Moreno Valley barber Kevon Gordo undermined his business of 24 ye barbers and visciously attacked one nities most sacred bastions: the bar


''From Moreno Valley police office Councils to ‘Lil Stevie Wonder and Berry Gordy, I've left my mark on


mess threatens to rock the entire industry,'' he says


The Butlers whose business was not raided, displa ity by taping a copy of the Black Voice News paper raids on the shops' front window.


''We want our patrons to know the culture of our po back and allow anyone to run up in our shops wit asking customers if they have warrants. We're go doesn't happen again,'' said Fay Butler.


Former patron James Wright, a Los Angeles pastor, bershop, it's not one place, it's not one time, this k is taking place in minority communities across the now is, we're speaking out.''


Mark Walker represents North Carolina's 6th Congressional Dis- trict that includes Guilford, Rockingham and Alamance counties in the Triad.


Word of the raids spread like wildfire throughout nation barbers activists and bloggers engaged in Gordon said barbers, law enforcement, church lea neys and patrons in San Bernardino, Riverside, Diego counties have called with offers of assistanc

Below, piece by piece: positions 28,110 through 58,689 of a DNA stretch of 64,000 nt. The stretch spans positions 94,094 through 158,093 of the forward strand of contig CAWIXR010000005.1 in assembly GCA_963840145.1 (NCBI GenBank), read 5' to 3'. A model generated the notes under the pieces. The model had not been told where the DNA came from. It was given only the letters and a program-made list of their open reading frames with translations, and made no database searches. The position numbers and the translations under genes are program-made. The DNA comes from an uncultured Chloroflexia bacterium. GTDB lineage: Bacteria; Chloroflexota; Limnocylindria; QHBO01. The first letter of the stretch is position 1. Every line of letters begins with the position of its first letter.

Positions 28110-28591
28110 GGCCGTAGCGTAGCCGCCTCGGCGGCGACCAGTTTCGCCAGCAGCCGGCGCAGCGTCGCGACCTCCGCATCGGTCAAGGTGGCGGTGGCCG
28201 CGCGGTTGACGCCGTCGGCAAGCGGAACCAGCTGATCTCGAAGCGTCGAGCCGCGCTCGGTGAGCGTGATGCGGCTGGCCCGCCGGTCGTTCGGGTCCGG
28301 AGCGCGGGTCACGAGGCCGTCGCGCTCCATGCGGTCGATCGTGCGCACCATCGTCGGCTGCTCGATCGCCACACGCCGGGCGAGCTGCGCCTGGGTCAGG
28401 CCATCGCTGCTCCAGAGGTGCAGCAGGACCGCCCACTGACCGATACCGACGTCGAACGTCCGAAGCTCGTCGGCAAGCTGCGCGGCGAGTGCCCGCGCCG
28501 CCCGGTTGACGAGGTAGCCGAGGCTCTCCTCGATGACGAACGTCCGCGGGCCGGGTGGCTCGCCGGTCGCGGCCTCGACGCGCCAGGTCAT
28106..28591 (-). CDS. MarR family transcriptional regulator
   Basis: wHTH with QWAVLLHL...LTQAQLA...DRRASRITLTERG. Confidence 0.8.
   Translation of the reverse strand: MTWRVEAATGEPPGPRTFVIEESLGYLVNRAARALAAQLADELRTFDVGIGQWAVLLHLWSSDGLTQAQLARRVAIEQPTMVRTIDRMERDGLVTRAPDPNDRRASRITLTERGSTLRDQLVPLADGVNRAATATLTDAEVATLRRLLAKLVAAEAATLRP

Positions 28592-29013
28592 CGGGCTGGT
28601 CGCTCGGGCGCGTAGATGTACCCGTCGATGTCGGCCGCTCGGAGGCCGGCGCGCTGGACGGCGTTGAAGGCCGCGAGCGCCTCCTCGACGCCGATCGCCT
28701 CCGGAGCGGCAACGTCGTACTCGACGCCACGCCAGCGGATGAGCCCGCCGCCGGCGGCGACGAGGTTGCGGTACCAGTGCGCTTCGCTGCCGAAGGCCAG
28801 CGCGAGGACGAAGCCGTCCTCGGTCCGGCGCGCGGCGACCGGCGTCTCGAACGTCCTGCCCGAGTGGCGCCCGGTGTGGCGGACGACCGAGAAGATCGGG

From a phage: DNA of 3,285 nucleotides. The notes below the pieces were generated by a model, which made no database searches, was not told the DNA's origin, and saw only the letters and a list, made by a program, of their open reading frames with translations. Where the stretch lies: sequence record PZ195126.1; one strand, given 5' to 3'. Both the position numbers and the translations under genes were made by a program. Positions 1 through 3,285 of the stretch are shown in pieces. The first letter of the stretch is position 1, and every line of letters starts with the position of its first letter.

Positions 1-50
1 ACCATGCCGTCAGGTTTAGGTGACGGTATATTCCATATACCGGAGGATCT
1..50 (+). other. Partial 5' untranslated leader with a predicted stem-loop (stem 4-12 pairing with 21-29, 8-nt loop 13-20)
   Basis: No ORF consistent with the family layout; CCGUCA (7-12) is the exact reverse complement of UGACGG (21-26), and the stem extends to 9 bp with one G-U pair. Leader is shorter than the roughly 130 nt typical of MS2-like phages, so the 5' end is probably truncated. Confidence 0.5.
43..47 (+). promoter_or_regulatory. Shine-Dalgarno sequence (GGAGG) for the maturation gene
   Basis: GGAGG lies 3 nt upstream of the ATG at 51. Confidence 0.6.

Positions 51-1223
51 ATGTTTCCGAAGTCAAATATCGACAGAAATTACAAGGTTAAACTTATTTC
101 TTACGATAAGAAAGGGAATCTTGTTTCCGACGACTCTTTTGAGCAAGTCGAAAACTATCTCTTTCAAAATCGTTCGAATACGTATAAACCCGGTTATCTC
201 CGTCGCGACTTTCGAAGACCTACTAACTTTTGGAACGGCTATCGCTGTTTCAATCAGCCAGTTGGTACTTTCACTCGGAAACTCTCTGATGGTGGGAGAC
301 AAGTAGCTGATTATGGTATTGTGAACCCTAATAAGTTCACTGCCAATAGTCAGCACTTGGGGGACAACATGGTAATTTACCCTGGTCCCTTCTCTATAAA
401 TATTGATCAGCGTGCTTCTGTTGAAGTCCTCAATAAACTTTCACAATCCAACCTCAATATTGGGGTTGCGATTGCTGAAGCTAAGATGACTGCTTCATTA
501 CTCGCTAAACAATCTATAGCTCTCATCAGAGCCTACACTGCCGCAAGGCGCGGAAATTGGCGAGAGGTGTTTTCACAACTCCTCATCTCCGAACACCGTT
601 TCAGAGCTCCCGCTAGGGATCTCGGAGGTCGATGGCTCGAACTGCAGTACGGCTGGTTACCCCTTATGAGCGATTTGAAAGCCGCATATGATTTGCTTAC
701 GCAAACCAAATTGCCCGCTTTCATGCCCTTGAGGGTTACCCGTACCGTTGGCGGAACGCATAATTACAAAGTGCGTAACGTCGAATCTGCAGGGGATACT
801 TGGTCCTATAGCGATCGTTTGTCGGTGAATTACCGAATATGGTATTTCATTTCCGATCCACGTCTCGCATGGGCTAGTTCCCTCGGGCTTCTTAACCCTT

''As customers we have a duty to speak out again come to get my hair cut I have a right to be respe warrant check on me without probable cause, the ne be to a civil rights attorney,'' said barber Harold Par Reginald Richard.


''Moreno Valley today Atlanta tomorrow,'' said An barber college graduate. He pointed to fresh text m in Atlanta and Chicago who learned about the raids ''Brothers, what the hell is going on out there? We'


Moreno Valley contracts police service from t Sheriffs Department. Sheriff’s spokesman Sgt. Den Black Voice News request for a statement on the ra demand for an investigation had been passed on th for review.


''This kind of affront sends up a red flag to young have worked hard to stay away from gangs and dr mate practices. It sends the wrong message.''


Still Gordon who says his business has suffered fina admits the controversy has a silver lining, ''It go brought us together. That's good.''


Pastor Lacy Sykes of CrossWord Christian Church


''I actually go to Hair Shack Barbershop. Ron Jon church and it was inappropriate from the standpoin was a raid on minority barbershops.


''I know they (police) have challenges in Moreno Va doing the best they can do, but it does not circum obtaining the proper search warrants. Minority around a long time in Moreno Valley and are doing community and deserve their respect.''


Like the Black church, the barbershop and beaut